India is an emerging market with expansive scope and opportunities for Indian and foreign investors alike. As a result, many companies continue to target expansion by establishing their businesses in India. Investors can decide the legal structure within which their businesses will operate, based on the purpose, objective, initial investment, risk appetite and duration (short term/long term) of the business. The commercial law in India lays down several mechanisms for the establishment and functioning of different types of commercial entities; each having distinguishable attributes, prerequisites for incorporation, and conversion mechanisms. Through this article, we aim to demystify three types of companies in India (One Person Company, Limited Liability Partnership and Private Limited Company) and share a comprehensive understanding of their differences.

One Person Company

Limited Liability Partnership

Private Limited Company

Salient Features

  • Low compliance burden, owing to the numerous exceptions culled out, despite being within the scope of what is defined as a “Private Limited Company” under S. 2(68) of the Companies Act, 20131.
  • One Person Company (OPC) tends to bring the unorganized sector of proprietorship into the organized version of a private limited company. Proprietors, by default, have unlimited liability. However, if such a proprietor does business through an OPC, then the liability of the members is limited.
  • OPC gives entrepreneurs the advantage of limited liability whereby their liability as members is limited to their unpaid subscription money.
  • On the demise/disability of the original director, a nominee director is appointed who is required to manage the affairs of the company till the date of transmission of shares to legal heirs of the demised member (S. 4(1)(f), CA, 2013).
  • OPC's can appoint as many as 15 directors for administrative functions, without giving any share to them.
  • There is no requirement to hold Annual or Extra Ordinary General Meetings. Only a resolution is required to be communicated by the member of the company, and entered into the minutes' book with the date and signature. Such date is deemed to be the date of meeting (S. 96 (1), CA, 2013).
  • Provisions of S. 174 (Quorum for meetings of Board) don't apply to a One Person Company in which there is only one director on its Board of Directors.
  • Where the OPC has only one director, all the businesses to be at the transacted meeting of the Board is required to be entered into the minutes' book maintained under S. 118 (S. 122(3), 122(4), CA, 2013). In this case, there is no additional requirement to hold Board Meetings (S. 96(1)), CA, 2013).
  • The cost for registration of an OPC is lower and there are fewer filings with the Registrar of Companies (ROC).
  • The mandatory rotation of auditor after expiry of the maximum term is not applicable.
  • Provisions of S. 98 and S. 100-111, relating to holding of general meetings do not apply to a One Person Company (S. 122 (1), CA, 2013).
  • OPC is an artificial entity distinct from its owner. Thus, the claims made against the business cannot be pressed against the owner and there is perpetual succession.
  • No minimum capital requirement. The contribution of a partner can consist of tangible, movable or immovable or intangible property or other benefit to the Limited Liability Partnership (LLP).
  • An LLP requires a minimum of two partners while there is no limit on the maximum number of partners (S. 6, Limited Liability Partnership Act, 20082).
  • Lower cost for registration.
  • The LLP, being a separate legal entity, has the right to own, enjoy and transfer property in its own name.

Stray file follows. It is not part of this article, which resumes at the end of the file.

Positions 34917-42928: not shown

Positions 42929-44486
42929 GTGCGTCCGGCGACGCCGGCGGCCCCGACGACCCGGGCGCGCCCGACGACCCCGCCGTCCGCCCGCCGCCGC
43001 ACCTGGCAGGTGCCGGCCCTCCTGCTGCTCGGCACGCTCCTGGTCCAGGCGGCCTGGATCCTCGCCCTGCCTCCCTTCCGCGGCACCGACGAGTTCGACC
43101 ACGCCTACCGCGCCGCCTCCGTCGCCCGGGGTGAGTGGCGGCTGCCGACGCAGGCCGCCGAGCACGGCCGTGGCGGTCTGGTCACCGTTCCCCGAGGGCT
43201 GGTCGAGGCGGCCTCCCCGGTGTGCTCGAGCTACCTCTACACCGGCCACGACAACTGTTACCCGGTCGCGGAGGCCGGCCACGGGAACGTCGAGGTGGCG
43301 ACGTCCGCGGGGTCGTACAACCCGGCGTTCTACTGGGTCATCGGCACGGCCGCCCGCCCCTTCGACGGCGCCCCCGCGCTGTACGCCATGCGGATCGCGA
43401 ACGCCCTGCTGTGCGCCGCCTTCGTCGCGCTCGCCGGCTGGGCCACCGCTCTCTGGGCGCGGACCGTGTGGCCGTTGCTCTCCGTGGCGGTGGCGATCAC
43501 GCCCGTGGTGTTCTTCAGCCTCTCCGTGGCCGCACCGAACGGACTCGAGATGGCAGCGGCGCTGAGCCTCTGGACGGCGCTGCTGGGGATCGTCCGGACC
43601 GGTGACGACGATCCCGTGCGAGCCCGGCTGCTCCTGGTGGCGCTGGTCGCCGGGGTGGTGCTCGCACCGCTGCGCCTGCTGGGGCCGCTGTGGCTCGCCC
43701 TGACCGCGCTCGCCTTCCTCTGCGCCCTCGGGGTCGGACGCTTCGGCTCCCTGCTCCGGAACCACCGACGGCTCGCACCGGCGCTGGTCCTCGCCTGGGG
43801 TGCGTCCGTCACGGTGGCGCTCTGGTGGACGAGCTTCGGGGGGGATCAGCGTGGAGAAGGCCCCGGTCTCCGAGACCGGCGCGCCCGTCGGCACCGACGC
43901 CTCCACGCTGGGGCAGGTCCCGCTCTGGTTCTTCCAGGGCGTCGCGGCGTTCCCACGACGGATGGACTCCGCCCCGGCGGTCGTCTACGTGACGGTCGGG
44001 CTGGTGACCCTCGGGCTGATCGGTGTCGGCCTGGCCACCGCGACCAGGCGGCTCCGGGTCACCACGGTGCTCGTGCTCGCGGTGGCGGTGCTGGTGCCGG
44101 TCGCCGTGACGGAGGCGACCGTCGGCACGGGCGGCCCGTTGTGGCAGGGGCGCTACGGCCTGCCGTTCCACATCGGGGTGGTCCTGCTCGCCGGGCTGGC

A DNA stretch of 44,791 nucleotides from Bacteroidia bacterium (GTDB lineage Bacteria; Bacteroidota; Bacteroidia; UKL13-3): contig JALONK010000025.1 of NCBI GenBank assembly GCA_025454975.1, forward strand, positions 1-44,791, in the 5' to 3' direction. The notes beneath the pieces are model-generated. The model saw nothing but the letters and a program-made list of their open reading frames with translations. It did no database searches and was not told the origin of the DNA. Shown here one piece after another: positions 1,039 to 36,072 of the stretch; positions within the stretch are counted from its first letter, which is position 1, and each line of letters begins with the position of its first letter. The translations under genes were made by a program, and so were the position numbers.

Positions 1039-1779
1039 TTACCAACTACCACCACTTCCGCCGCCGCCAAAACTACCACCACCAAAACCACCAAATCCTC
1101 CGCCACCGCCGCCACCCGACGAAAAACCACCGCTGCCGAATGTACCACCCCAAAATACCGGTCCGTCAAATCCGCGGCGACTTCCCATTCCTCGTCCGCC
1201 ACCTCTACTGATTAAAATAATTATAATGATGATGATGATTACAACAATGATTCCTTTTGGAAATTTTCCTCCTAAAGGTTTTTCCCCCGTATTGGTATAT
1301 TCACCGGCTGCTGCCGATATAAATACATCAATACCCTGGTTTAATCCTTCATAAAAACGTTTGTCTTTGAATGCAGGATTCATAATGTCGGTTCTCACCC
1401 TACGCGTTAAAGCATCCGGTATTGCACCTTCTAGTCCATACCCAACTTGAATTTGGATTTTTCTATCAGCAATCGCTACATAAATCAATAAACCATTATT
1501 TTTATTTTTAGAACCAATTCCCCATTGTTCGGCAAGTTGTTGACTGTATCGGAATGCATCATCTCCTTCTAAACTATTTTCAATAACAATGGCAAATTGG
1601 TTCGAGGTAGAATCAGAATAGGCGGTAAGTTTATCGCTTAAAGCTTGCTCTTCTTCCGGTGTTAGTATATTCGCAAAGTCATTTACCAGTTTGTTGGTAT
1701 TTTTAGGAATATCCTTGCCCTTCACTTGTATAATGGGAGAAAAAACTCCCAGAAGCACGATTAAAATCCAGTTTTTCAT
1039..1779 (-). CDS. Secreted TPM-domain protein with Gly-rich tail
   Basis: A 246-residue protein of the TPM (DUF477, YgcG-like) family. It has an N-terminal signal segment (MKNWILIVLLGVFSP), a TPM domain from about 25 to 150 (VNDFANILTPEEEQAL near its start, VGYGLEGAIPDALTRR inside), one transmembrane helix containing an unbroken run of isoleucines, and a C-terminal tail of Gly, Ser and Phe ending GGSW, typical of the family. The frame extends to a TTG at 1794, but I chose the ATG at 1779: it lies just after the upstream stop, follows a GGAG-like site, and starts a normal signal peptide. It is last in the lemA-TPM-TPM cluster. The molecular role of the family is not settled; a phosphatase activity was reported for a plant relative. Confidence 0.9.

• The accounts are audited in accordance with the LLP Rules, 2009 unless the turnover does not exceed Rs. 40,00,000, in any financial year; or the contribution does not exceed Rs. 25,00,000 (Rule 24, LLP Rules, 2009).
  • LLP is liable for payment of income tax but the share of its partners in LLP is not liable to tax. Thus, no dividend distribution tax is payable. Provision of ‘deemed dividend' under income tax law is not applicable to LLP (S. 40(b), CA, 2013).
  • Most prevalent and popular type of corporate legal entity in India.
  • A Private Limited Company has ‘perpetual succession', i.e. continued or uninterrupted existence until it is legally dissolved. Being a separate legal person, it is unaffected by the death or other departure of any member but continues to be in existence irrespective of the changes in membership.
  • The liability of the members is limited only to the extent of the face value of shares taken up by them (S. 2(22), CA, 2013).
  • Shares are transferable by a shareholder to any other person. The transfer is easier in comparison to the transfer of interest in business run as a proprietary concern or a partnership.
  • A company being a juristic person, can acquire, own, enjoy and alienate property in its own name.
  • Being an independent legal entity, it can sue and also be sued in its own name.
  • It can make a valid and effective contract with any of its members. It is also possible for a person to be in control of the company and at the same time be in its employment. Thus, a person can at the same time be a shareholder, creditor, director and also an employee of the Private Limited Company.
  • It can issue debentures (secured as well as unsecured) and can also accept deposits from the public, etc.


  • At least one shareholder;
  • At least one director;
  • The director and shareholder can be the same person;
  • At least one nominee director (cannot be a minor);
  • Only a natural person who is an Indian Citizen and resident in India may form an OPC;
  • Share Capital of at least Rs. 1,00,000;
  • ‘OPC' to be suffixed with the name of OPCs to distinguish it from the other companies (S. 12(3), CA, 2013);
  • At least one meeting of the Board of Directors in each half of a calendar year where the gap between the two meetings shall not be less than 90 days (unless there's only one director)  (S. 173(5), CA, 2013); and
  • Filing of the financial statements duly adopted by its member, along with all the documents which are required to be attached to such financial statements, within 180 days from the closure of the financial year (S. 137, CA, 2013).
  • At least two partners (not cooperative societies, minors) with at least one partner being an Indian resident (S. 6, LLP Act, 2008).
  • The fee for registration of LLP including conversion of a firm or a private company or an unlisted public company into LLP: